It is anticipated that the present catheter can be used for similar procedures to treat tissues and areas other than those related to the ocular system. For use in treatment of these systems, it is anticipated that an incision would be made to properly position the device over the affected tissue, or passed through a body lumen, such as the trachea.
In addition to the device and method previously discussed, and referring to
The balloon 32 can be filled with a radio-opaque solution 36 to shield areas other than those in direct exposure to the radiation source on area 34. The solution can be, for example, perfluoroctylbromide, iohexol or perfluoroctane. Other radio-opaque solutions will be recognized by those skilled in the art. Such a radio-opaque solution provides shielding so that only those tissues adjacent the sources are exposed to radiation.
In the use of the present embodiment, the catheter 30 is fed, in a manner known in the art, to near the area to be treated, the balloon 32 is then expanded by filling with the radio-opaque solution. When extended and filled, the balloon 30 can be positioned so that the radio active area 34 can be placed near tissue that requires, or may be helped by, exposure to radiation. The balloon 32 can be expanded so that it is significantly larger than the catheter 30 in which it is that carried. The expanding end of the device, balloon 32, is shielded about its entire surface (by the radio-opaque solution) except for the side to be placed adjacent to the tissue targeted for exposure to the therapeutic radiation. This limits exposure to the surrounding unaffected tissue.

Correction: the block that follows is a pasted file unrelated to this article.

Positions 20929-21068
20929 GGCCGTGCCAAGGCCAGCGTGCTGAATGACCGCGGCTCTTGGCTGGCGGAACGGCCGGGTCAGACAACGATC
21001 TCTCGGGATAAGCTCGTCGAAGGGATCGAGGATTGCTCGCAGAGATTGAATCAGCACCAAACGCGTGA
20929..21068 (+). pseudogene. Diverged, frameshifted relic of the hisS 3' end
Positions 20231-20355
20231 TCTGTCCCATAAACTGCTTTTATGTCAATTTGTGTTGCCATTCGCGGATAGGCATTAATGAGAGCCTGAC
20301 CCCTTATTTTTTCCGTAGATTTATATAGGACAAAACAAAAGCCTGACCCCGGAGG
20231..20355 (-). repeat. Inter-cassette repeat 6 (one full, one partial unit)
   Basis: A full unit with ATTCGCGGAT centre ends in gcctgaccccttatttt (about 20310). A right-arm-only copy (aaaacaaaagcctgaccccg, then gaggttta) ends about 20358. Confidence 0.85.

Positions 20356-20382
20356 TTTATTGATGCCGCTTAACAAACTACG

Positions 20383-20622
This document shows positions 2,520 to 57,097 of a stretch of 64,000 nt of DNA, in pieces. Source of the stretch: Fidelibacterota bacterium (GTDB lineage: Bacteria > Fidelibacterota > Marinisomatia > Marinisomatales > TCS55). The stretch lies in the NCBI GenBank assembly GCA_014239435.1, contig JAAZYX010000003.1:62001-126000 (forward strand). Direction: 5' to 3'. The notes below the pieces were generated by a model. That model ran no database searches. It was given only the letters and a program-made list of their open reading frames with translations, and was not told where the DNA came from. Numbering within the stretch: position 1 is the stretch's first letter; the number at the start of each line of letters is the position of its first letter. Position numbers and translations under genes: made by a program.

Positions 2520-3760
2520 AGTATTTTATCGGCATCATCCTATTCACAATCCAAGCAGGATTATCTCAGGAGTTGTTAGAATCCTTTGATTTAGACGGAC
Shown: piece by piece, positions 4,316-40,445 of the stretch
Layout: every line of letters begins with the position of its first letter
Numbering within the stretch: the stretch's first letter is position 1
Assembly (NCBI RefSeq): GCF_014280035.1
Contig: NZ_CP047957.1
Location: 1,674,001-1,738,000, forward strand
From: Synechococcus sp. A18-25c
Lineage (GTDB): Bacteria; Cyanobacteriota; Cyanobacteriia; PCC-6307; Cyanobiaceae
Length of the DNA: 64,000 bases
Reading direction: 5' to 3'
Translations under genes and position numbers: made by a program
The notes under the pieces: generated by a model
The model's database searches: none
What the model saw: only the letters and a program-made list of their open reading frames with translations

An alternate embodiment of the brachytherapy catheter is illustrated in
Alternately still, the catheter can be configured without the balloon. In such a configuration, the tines can be formed having a coating of a source material (such as P-32) on one side of the tines, thus providing a radiation source from one side of the extended tines, while the other side serves as shielding, again, to prevent exposure to tissues that are not to be subjected to radiation exposure. Thus, the tines themselves provide self-adsorption of radiation. Additional shielding could be provided by incorporating more or extra tines that do not contain P-32 on their surfaces. These layers of tines serve to shield the normal surrounding tissue from the effects of radiation.
Further, in this configuration in which the tines are provided with a coating of the radiation source, additional shielding could be provided by an expanding balloon filled with radio-opaque or radiation-absorbing fluid.
Still another embodiment of the catheter 50 is shown in
In the present disclosure, the words “a” or “an” are to be taken to include both the singular and the plural. Conversely, any reference to plural items shall, where appropriate, include the singular.
From the foregoing it will be observed that numerous modifications and variations can be effectuated without departing from the true spirit and scope of the novel concepts of the present invention. It is to be understood that no limitation with respect to the specific embodiments illustrated is intended or should be inferred. The disclosure is intended to cover by the appended claims all such modifications as fall within the scope of the claims.
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|International Classification||A61K, A61M36/04, A61M36/12, A61N5/00, A61N5/10|
|Cooperative Classification||A61N5/1017, A61N2005/1025|